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Column: We’re all winners when we get a Williams sisters matchup

There were no TV cameras on hand to capture the first time Venus and Serena Williams competed against each other, no reporters present to chronicle their every stroke and point for posterity. As Serena remembered it, she was 8 years old and Venus was 10 when they faced each other in a junior match. Serena also remembered the outcome wasn’t remotely close.

“She beat me. Beat me good. But she was really nice,” Serena said. “She gave me the trophy because I was so upset. I have always been a sore loser, but she’s been really amazing. I can really learn from her.”

The respect they forged when they were kids playing on public courts near their home in Compton has been a constant throughout the years, an unshakeable foundation while they grew up and went on to enjoy unimaginable success. They thrive on competition, but not against each other. Serena, 36, feels so close to Venus, 37, that when Serena was pregnant she discovered she loved watching every match except those that involved Venus. “If she makes a mistake, a little bit of me dies,” Serena explained.

And so when they meet on Monday at the Indian Wells Tennis Garden in the third round of the BNP Paribas Open, it will be emotional for both women, grand theater as riveting as any Grand Slam. It will be the 29th professional matchup — Serena has a 17-11 edge, including each of the last three tournaments and five of the last six going back to 2009 — but it will be their first match since Serena defeated Venus in the 2017 Australian Open final while in the early weeks of her pregnancy.

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It also will be their earliest encounter in a tournament since their first professional matchup, in the round of 64 at the 1998 Australian Open. They are meeting so soon this time because Serena, making her competitive return after 14 months, isn’t seeded here. Venus is seeded No. 8 and, unlike Serena, had a first-round bye.

“Obviously I wish it was anybody else in the draw, literally anybody, but that’s OK,” Serena said on Saturday after defeating persistent No. 29 seed Kiki Bertens 7-6 (5), 7-5 in a second round match at Stadium 1, shortly after Venus had dismissed Sorana Cirstea 6-3, 6-4. “I just have to go out there and see how I am and do my best.”

So far, in defeating Zarina Diyas on Thursday and outslugging Bertens on Saturday, Serena has shown flashes of her old powerful groundstrokes and an ability to find the corners of the court with unreturnable shots. Progress manifests itself in different forms for her now: Before her first match she became teary because she so badly missed her daughter, Alexis Ohanian, Jr. On Saturday she made it through the match dry-eyed and realistic about her lack of sharpness.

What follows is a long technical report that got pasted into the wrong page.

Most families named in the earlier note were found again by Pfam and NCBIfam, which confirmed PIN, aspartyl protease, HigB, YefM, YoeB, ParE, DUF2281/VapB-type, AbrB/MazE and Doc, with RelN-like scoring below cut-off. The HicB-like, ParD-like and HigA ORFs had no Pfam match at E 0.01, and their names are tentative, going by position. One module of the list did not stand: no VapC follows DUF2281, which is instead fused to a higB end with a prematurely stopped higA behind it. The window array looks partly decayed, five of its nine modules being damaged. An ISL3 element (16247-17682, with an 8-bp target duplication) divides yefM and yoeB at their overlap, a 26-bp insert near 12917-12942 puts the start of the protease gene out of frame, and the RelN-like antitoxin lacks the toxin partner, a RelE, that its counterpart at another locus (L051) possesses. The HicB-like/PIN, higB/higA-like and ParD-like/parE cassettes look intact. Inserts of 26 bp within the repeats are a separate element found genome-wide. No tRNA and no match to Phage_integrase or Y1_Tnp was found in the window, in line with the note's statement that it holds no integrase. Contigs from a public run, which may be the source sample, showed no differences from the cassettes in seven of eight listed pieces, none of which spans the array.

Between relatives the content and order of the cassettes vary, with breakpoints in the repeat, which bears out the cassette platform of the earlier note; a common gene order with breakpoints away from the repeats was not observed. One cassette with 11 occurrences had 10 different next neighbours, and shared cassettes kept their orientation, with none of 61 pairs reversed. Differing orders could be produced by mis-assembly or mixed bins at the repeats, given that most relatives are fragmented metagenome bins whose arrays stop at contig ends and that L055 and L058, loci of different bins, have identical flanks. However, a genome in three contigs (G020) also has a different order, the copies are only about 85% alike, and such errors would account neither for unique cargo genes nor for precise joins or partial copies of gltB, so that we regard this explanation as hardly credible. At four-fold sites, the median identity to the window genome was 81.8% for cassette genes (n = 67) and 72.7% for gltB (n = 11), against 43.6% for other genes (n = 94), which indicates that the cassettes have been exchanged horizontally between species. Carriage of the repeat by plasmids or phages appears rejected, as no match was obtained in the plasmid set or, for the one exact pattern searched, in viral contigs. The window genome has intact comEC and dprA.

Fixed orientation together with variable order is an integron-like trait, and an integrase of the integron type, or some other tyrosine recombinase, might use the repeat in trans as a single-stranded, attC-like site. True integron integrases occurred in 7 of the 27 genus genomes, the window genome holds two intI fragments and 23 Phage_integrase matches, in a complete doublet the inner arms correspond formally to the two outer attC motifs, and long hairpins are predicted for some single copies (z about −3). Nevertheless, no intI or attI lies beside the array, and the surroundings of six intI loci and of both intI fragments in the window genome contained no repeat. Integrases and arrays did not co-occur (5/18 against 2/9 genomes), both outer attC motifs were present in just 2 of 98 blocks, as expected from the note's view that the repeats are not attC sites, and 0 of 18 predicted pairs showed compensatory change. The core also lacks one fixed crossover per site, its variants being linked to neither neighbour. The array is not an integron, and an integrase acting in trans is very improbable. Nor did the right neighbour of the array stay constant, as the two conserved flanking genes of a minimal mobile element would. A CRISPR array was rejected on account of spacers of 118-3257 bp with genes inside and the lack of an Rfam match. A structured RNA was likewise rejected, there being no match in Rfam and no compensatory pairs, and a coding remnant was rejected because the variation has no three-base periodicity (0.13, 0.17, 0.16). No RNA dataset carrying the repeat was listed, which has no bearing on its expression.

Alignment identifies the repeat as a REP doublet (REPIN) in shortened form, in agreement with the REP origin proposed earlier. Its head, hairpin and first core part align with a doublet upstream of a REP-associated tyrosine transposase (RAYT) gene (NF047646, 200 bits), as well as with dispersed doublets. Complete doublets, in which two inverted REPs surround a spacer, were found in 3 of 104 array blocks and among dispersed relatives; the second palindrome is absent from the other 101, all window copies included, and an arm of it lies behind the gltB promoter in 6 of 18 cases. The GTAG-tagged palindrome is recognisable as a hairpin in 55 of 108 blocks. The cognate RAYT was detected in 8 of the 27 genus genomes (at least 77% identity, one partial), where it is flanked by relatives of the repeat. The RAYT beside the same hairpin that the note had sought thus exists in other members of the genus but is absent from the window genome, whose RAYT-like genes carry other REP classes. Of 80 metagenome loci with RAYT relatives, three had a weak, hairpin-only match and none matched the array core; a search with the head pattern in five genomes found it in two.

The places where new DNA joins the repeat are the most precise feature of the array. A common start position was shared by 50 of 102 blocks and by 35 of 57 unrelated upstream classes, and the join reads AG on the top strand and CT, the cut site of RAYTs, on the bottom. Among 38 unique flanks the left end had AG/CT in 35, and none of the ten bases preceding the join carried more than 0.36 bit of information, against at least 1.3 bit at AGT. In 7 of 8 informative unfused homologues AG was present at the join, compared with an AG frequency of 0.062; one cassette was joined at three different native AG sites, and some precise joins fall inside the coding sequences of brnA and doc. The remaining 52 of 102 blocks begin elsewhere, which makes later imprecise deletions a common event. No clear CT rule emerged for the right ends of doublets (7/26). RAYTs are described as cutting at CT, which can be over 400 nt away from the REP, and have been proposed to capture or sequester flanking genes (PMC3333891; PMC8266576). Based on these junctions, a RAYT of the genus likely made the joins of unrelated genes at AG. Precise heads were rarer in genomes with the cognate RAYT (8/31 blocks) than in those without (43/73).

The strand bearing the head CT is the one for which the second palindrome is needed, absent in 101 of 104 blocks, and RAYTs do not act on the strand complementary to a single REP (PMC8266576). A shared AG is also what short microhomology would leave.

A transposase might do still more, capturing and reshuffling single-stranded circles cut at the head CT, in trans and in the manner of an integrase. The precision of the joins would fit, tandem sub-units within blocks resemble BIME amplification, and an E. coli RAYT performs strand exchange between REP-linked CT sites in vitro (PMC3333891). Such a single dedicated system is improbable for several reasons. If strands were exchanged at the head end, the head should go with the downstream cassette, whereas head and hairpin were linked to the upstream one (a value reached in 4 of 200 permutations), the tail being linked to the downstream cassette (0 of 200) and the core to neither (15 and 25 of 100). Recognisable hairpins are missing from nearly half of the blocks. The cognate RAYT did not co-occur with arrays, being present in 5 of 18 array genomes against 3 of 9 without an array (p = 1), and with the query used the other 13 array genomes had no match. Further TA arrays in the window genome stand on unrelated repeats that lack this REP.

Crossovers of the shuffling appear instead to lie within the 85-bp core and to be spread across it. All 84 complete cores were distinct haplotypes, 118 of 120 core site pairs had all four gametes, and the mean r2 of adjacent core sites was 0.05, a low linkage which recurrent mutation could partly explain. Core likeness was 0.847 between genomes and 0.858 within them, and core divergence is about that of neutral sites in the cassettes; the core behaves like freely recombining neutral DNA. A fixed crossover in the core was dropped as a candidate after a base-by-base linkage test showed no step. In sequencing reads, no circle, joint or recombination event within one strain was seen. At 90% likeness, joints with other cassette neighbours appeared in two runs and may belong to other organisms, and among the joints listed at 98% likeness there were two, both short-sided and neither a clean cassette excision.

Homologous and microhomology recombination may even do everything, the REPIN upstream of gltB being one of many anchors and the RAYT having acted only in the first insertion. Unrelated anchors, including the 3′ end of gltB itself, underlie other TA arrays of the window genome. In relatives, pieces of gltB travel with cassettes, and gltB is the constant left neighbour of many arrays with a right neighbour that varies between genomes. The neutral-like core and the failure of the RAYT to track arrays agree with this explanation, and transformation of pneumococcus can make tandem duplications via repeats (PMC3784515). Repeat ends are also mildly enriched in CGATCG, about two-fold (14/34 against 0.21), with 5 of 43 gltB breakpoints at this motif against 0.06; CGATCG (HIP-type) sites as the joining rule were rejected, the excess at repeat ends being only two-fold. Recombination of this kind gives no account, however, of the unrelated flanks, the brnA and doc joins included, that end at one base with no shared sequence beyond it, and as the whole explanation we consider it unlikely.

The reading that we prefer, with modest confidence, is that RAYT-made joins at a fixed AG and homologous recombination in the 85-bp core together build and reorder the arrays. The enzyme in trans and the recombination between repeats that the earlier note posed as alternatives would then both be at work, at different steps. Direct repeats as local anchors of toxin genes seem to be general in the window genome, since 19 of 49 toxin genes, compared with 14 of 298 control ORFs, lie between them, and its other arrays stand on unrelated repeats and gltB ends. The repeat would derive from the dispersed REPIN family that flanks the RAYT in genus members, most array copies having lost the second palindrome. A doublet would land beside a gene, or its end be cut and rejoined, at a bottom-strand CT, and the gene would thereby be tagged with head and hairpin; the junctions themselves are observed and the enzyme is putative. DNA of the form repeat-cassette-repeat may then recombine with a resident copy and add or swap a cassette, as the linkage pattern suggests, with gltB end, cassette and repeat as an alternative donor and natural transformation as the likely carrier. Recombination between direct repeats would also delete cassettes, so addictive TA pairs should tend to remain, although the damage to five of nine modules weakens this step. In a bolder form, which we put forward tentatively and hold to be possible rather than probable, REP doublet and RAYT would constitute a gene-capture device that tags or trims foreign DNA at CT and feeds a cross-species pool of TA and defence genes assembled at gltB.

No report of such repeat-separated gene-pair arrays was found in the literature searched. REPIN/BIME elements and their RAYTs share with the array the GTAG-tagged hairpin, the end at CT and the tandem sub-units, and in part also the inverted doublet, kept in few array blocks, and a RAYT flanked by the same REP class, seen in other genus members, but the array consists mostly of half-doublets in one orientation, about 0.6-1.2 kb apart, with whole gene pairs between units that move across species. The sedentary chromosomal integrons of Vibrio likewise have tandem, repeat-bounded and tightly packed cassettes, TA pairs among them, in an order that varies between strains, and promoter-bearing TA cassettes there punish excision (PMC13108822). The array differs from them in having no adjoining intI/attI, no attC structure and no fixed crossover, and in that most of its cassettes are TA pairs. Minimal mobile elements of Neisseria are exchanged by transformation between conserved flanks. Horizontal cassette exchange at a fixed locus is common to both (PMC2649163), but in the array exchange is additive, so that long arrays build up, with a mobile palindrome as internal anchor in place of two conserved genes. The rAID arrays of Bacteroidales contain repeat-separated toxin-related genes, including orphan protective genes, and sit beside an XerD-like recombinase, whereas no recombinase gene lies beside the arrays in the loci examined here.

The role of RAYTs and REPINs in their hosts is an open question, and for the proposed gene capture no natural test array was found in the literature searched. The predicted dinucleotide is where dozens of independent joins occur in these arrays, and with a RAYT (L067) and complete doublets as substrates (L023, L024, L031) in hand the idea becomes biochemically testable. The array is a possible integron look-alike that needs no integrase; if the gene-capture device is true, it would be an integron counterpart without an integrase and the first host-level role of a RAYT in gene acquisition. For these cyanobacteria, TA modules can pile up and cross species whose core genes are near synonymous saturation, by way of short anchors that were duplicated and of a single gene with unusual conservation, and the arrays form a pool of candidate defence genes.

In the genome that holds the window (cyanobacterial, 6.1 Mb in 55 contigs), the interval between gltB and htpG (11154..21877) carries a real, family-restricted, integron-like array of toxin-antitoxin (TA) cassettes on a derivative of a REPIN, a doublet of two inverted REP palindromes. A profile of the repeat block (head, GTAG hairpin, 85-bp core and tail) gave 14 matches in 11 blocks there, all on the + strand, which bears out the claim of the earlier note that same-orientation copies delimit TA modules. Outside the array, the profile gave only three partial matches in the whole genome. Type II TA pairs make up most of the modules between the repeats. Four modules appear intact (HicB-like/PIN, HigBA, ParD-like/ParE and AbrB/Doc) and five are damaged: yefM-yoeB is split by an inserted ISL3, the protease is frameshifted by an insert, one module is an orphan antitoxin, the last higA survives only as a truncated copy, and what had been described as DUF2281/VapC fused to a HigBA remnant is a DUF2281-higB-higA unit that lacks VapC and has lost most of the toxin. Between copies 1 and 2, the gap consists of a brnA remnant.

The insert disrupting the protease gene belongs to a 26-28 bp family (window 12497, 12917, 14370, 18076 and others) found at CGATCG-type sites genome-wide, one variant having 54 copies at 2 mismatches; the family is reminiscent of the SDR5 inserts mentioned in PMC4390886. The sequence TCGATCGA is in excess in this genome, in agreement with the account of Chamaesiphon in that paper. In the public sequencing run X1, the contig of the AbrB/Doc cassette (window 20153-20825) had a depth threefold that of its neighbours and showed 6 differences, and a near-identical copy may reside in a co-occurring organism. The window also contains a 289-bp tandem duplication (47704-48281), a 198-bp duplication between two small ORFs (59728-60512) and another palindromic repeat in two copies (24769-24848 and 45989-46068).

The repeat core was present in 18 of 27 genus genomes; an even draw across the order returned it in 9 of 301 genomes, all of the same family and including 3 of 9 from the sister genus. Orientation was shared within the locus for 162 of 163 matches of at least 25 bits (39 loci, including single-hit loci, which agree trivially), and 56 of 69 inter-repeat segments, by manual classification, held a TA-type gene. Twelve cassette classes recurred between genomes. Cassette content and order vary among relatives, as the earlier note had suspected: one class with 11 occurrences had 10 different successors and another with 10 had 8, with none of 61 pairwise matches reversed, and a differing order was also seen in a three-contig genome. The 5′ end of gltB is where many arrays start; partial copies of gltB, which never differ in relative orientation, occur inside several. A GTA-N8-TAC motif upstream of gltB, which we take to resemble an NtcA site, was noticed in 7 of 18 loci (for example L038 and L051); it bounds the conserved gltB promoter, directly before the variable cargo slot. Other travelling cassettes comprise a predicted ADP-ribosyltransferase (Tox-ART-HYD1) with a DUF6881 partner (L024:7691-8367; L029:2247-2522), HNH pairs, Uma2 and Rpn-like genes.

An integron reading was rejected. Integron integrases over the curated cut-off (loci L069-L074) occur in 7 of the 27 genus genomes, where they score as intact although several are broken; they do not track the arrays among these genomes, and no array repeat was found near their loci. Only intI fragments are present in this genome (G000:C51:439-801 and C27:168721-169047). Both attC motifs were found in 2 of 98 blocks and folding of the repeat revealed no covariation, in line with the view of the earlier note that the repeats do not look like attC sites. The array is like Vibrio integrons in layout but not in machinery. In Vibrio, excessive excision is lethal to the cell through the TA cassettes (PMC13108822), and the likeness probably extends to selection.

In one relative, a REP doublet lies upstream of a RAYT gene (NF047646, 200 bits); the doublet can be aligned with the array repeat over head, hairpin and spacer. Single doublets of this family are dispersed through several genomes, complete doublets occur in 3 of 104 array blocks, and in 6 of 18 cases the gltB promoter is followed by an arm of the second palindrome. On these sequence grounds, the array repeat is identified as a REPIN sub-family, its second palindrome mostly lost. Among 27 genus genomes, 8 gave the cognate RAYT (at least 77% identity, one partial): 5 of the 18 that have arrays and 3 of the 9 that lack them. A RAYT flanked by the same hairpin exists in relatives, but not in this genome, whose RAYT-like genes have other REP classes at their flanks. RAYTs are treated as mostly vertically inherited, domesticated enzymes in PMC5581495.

“I have a long way to go. I have such a long way to go,” she said, smiling. “It definitely felt better than the first round, but, I mean, I’m still a little rusty. I’m still making errors that I don’t normally make.

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“But I call this a trial run, you know. Even with the baby, like, a trial run of traveling with the baby and all of this is just so new to me. Yeah, I’m getting there.”

But to the ever-loyal Venus, Serena looked just fine. “She’s playing really well and just honing her game. When she’s missing, it’s not by much,” Venus said. Speaking about Serena’s match against Diyas, Venus added, “I mean, she looked like she never lost a step, really, and was controlling the match. Her opponent played really, really, really well, to be honest. Probably produced maybe the best tennis of her career. For Serena to win against someone that inspired and free is a great, great way to come back.”

The sisters have never faced each other at Indian Wells. They were scheduled to meet in the semifinals in 2001 but Venus withdrew shortly before the match, citing a knee injury. Deprived of an anticipated spectacle, fans booed; some aimed their dislike at Serena when she faced Kim Clijsters in the final. Richard Williams, their father, said he heard racist comments. Both sisters stayed away from the tournament for years a silent but loud protest. Serena returned in 2015 but had to withdraw from her semifinal match because of an injured right knee, and Venus came back a year later.

Both have been warmly received, drawing applause and encouraging shouts while on the court. Serena, asked about the 2001 match that never happened, brushed the question aside. “I literally didn’t even think about it. That’s, you know, totally gone out of my mind. First of all, 17 years ago seems like forever ago. Yikes,” she said. “I honestly never thought about it. So, again, I would prefer to play someone else, anybody else, literally anybody else, but it has to happen now. So it is what it is.”

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And it will be one to remember.

helene.elliott@latimes.com

Follow Helene Elliott on Twitter @helenenothelen

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